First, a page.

|B-Ti48Zr48Be4||1049||Niobium with ceramics, diffusion 100h, r=162.9MPa|
|B-Zr75Nb19Be6||1049||Niobium with catalyst, diffusion 100h, r=170.2MPa|
|B-Co43.7Cr21Ni21Si8W5.5B0.8||1177||Niobium with refractory metals, niobium with stainless steel, niobium with high-temperature alloys|
2. Brazing Technique
Before brazing, it is important to carefully remove the oxide layer on the surface of refractory metals. This can be achieved through mechanical grinding, sandblasting, ultrasonic cleaning, or chemical cleaning.
Once the cleaning process is completed, brazing should be performed immediately. Due to the inherent brittleness of tungsten (W), W components should be handled with caution during assembly to avoid breakage.
To prevent the formation of brittle tungsten carbide, direct contact between W and graphite should be avoided. Pre-existing stresses resulting from machining or welding operations should be eliminated prior to brazing.
As tungsten is highly prone to oxidation at elevated temperatures, high vacuum conditions are required for brazing. When brazing within the temperature range of 1000-1400℃, the vacuum level should not be lower than 8×10-3Pa.
To enhance the remelting temperature and operational temperature of joints, it is recommended to combine brazing with diffusion treatment.
For instance, using B-Ni68Cr20Si10Fel brazing filler metal to braze W at 1180℃, followed by three diffusion treatments at 1070℃/4h, 1200℃/3.5h, and 1300℃/2h, the usage temperature of the brazed joint can exceed 2200℃.
When brazing molybdenum (Mo) joints, it is important to consider the low coefficient of thermal expansion as a characteristic. The gap between joints is recommended to be within the range of 0.05-0.13mm.
If using fixtures, materials with a low coefficient of thermal expansion should be selected. Flame brazing, controlled atmosphere furnaces, vacuum furnaces, induction heating furnaces, and resistance heating above the recrystallization temperature or the diffusion-induced lower recrystallization temperature can cause recrystallization in Mo.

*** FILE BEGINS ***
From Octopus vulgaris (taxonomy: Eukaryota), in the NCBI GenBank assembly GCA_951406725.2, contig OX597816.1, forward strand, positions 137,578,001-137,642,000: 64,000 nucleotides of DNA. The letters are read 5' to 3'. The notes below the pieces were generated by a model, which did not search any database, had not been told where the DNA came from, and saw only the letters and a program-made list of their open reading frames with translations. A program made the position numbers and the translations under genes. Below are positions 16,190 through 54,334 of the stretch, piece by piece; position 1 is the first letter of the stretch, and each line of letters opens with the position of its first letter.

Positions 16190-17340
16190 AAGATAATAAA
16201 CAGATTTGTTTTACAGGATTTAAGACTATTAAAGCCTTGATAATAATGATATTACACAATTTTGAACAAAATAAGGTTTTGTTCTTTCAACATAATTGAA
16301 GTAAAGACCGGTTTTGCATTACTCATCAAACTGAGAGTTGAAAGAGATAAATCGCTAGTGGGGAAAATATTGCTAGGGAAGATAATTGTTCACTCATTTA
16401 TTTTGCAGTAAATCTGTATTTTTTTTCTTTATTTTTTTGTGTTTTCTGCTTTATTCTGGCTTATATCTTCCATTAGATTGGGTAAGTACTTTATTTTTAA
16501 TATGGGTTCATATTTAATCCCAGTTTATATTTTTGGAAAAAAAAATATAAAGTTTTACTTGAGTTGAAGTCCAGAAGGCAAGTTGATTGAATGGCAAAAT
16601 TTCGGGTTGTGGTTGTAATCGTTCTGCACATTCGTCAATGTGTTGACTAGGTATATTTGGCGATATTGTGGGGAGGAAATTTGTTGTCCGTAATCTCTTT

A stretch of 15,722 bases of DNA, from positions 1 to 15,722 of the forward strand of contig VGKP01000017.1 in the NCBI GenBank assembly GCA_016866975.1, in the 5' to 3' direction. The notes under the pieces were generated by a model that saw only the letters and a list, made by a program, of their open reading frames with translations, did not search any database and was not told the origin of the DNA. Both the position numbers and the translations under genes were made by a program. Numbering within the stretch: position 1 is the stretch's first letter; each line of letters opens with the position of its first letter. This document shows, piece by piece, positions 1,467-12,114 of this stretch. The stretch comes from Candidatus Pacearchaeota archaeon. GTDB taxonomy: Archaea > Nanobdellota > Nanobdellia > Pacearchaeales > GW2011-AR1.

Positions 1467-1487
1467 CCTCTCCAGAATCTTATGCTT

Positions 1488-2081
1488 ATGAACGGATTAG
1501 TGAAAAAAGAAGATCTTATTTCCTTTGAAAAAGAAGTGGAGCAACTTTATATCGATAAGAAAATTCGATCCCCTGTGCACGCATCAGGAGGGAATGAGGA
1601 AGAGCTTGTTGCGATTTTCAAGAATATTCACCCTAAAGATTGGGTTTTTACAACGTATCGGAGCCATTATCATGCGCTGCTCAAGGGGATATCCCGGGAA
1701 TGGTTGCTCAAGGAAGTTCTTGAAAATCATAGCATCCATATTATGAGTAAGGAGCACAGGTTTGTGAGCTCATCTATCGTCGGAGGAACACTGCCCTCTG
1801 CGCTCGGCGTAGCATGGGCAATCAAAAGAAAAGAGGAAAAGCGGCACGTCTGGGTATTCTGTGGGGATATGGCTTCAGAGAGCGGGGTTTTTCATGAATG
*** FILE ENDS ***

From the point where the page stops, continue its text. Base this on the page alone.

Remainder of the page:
Therefore, when the brazing temperature is close to the recrystallization temperature, shorter brazing times are preferred. When brazing above the recrystallization temperature of Mo, it is necessary to control the brazing time and cooling rate to avoid cracking.
When using an oxyacetylene flame for brazing, it is ideal to use a mixed brazing flux, such as industrial borate flux or a high-temperature brazing flux containing calcium fluoride, to ensure good protection.
The method involves initially coating the Mo surface with a silver brazing flux, followed by applying the high-temperature brazing flux. Silver brazing flux possesses activity at lower temperature ranges, while the activity temperature of the high-temperature brazing flux can reach 1427℃.
For tantalum (Ta) or niobium (Nb) components, it is preferable to perform brazing under vacuum conditions with a vacuum level not lower than 1.33×10-2Pa. If brazing is conducted under inert gas protection, it is necessary to thoroughly remove gas impurities such as carbon monoxide, ammonia, nitrogen, and carbon dioxide.
When brazing in ambient air or through resistance heating, specialized brazing filler metals with suitable flux should be used. To prevent Ta or Nb from coming into contact with oxygen at high temperatures, a layer of copper or nickel should be plated on the surface, followed by appropriate diffusion annealing treatment.